Born this day in 1918
Dr. Julius No in Dr. No
Believe it or not, Canadian actor Joseph Wiseman did act in a number of television shows and films, beyond his role as Dr. Julius No. Wiseman originally began acting on stage but in 1950, he was cast as Deleo in the film With These Hands. He played opposite some well known actors including Marlon Brando in Viva Zapata! (1952), Sir Laurence Olivier in The Betsy (1978), and Sean Connery in Dr. No (1962). He was offered the villainous role after producer Harry Saltzman saw him in Detective Story (1951).
Bond Trivia: Wiseman was the actor to pass away (2009) that had played a villain in Sean Connery films made by United Artist.
|Crewdson on Set of The War Lover (Photo: David M Kay)|
Born this day in 1926
Helicopter Pilot for From Russia With Love, On Her Majesty’s Secret Service, The Spy Who Loved Me, For Your Eyes Only
Draco’s Helicopter Pilot in On Her Majesty’s Secret Service
Englishman John Crewdson most often was hired for his pilot skills, although he did also have four instances of acting as well. In On Her Majesty’s Secret Service, you may remember Crewdson grinning into the camera as he piloted one of the faux Red Cross aid copters into Blofeld’s fortification in the Swiss Alps. Apparently, that scene was a dress rehearsal for a real life event in which he was part of the Sealand special unit sent to a North Sea fortress.
From what I could find, Crewdson had a company called Film Aviation Services. He had gotten his flying experience from the British Army and RAF. He and his company were hired by Columbia Studios for the film The War Lover (1962) starring Steve McQueen and Robert Wagner, based on the 1959 novel by the same title written by John Hersey.
Born this day in 1929
Houston Radar Operator in You Only Live Twice
Vandenberg Launch Director in Diamonds Are Forever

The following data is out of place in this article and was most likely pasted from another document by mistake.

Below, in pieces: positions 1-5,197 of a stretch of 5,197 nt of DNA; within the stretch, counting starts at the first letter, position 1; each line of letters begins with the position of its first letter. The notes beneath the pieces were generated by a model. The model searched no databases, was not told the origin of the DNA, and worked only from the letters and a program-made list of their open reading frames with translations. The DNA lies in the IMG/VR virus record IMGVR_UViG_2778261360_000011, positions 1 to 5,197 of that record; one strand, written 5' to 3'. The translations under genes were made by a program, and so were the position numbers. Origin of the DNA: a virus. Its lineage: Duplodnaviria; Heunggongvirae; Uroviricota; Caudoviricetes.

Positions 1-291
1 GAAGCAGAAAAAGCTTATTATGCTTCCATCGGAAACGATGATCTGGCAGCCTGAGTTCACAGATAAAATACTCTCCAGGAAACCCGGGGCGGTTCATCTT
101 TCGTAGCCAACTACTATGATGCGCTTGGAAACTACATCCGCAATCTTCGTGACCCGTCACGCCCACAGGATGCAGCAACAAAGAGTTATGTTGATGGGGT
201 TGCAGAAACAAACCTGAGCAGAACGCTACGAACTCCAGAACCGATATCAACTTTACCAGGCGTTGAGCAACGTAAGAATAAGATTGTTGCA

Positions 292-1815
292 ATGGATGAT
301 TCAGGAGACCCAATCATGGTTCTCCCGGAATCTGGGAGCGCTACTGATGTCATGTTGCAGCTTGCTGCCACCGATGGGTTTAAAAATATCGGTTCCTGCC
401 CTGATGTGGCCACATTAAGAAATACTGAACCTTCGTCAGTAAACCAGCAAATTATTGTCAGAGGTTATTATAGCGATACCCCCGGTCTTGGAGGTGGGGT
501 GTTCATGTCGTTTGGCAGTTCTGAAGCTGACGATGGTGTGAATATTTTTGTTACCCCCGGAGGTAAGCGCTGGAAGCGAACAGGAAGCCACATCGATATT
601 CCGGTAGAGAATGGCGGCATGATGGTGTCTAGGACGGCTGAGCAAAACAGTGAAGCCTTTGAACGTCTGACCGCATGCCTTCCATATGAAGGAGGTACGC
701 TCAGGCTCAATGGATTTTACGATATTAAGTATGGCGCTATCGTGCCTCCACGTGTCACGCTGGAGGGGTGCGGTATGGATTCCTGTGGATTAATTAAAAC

It took awhile to find the elusive David Healy because of the chap from The Big Bang Theory kept showing up in my searches, but I’ll be honest, I got excited when I saw that Healy was involved in the film Labyrinth (1986). He was the voice of the Right Door Knocker – brings joy to my heart thinking back to that movie….Okay, I digress.
Our Bond alum Mr. Healy got his start in the television show, The Sentimental Agent, back in 1963 in which he play Alfie Prentice. He guest starred in such spy projects as Espionage, The Saint, The Double Man, Assignment K, and The Secret Service, among several listed in his filmography. He even voiced a video game, his last project actually, called Cluedo (think Clue) in which he was Professor Peter Plum. It was released two years after his death in 1995.
|John Glen, director of eight Bond films!|
Born this day in 1932
Englishman John Glen has held several roles in the James Bond franchise, including direction EIGHT Bond films:
Second Unit Director, On Her Majesty’s Secret Service (1969)
Editor, On Her Majesty’s Secret Service (1969)
Second Unit Director, The Spy Who Loved Me (1977)
Editor, The Spy Who Loved Me (1977)
Second Unit Director, Moonraker (1979)
Editor, Moonraker (1979)
Director, For Your Eyes Only (1981)
Director, Octopussy (1983)
Director, A View to a Kill (1985)
Clapper Loader for the pre-shot scenes of San Francisco, A View to a Kill (1985)
Director, The Living Daylights (1987)
Director, Licence to Kill (1989)
Glen got his start working as a messenger in the film industry. Like one or two of our previous Bond alums, Glen worked for Shepperton Studios under Alexander Korda (The Third Man) during the 1940s. Working through the various jobs within a film crew, Glen finally made his directorial debut in 1968’s “Somebody Loses, Sombody…Wins?” episode of the television series, Man in a Suitcase. During the 1970s, he consistently edited and held second unit directorial reigns on the Bond films. In the 1980s, he became the official director. Glen holds the record for directing the most Bond films (Guy Hamilton has seven).
Bond Trivia: According to IMDB, in four of his films for Eon Productions, Glen includes a scene in which Bond is startled by a sudden flight of one or more pigeons. I seriously wonder how Freud would analyze that tidbit? Or, how about the “double-taking pigeon”??
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